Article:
Dementia advocacy

The Dementia Advocacy Network (DAN) believes that every person with dementia should have access to a skilled and independent advocate who understands dementia and is equipped to advocate effectively.

People with dementia are among some of the most vulnerable members of our society.  With an illness that brings diminishing ability to cope independently, progressive changes in cognitive ability, fluctuating mental capacity and increasing difficulties in communication they are vulnerable to discrimination and abuse.  Increasing demand on services, austerity measures and reduced resources mean that sometimes the person with dementia has little involvement in decisions about their treatment and care, their rights disregarded, their voice not listened to or overpowered by others.

Advocates who work with people with dementia are able to ensure that their voice is heard and their rights protected.  Advocates can also work in a non-instructed capacity with people who are unable to tell the advocate what they want, which can be particularly valuable for some people with dementia.  DAN’s publication “Taking their side; fighting their corner” includes case studies that demonstrate the value of advocacy for sixteen different people with dementia.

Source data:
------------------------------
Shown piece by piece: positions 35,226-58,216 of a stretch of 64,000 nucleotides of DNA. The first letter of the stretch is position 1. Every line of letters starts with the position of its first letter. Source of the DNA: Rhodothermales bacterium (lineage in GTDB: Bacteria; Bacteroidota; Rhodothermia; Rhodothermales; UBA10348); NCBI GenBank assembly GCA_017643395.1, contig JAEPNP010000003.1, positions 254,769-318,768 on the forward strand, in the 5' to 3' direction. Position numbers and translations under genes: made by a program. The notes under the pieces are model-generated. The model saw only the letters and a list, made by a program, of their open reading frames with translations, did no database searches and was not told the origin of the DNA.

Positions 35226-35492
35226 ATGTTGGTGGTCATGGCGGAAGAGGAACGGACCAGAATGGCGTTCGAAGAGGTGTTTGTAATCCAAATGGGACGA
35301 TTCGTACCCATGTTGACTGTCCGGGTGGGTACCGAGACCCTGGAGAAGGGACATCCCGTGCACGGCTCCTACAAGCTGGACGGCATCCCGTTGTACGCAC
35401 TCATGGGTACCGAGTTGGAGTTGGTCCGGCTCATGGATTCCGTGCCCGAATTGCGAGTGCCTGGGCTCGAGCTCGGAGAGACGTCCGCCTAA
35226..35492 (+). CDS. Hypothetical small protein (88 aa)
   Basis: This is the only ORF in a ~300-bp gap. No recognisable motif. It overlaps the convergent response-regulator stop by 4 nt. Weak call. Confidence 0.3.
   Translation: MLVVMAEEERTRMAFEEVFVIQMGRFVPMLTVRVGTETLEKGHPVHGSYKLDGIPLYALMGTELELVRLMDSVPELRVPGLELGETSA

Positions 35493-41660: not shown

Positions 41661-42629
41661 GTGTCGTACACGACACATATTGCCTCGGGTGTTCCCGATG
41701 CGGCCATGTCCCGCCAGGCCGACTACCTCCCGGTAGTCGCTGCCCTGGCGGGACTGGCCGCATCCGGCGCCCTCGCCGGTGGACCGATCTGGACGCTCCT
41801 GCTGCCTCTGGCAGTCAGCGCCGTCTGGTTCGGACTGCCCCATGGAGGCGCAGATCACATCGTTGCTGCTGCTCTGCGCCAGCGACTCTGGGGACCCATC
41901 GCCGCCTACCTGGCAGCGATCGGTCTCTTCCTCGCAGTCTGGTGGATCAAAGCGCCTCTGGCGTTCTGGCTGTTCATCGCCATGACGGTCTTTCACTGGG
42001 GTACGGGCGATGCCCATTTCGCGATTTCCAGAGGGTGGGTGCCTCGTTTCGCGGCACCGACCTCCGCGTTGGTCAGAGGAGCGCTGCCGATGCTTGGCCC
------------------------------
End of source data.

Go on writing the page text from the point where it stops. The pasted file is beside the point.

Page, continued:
Advocates can benefit other services by being able to spend time specifically focusing on finding out what the person with dementia wants and communicating this to service providers.  This means that service providers can have the assurance that their service is tailored to that particular service user, taking their individual views and preferences into account.

‘Mind the Gap’ – Advocacy provision in London

DAN has produced a report to promote the need for independent advocacy for people with dementia and highlight areas in London where there are gaps.  The findings of the report will be presented and discussed at DAN’s conference, ‘A Stronger Voice for People with Dementia’ which is being held in London on 18 September.  Anyone who is interested in attending can book a place here.

For further information please contact Jan Kendall, DAN Manager, or Heather Tyas, National Project Support, Dementia Advocacy Network (DAN): Tel: 020 8968 2614. Email: dan@advocacyplus.org.uk. Website: www.advocacyplus.org.uk/dan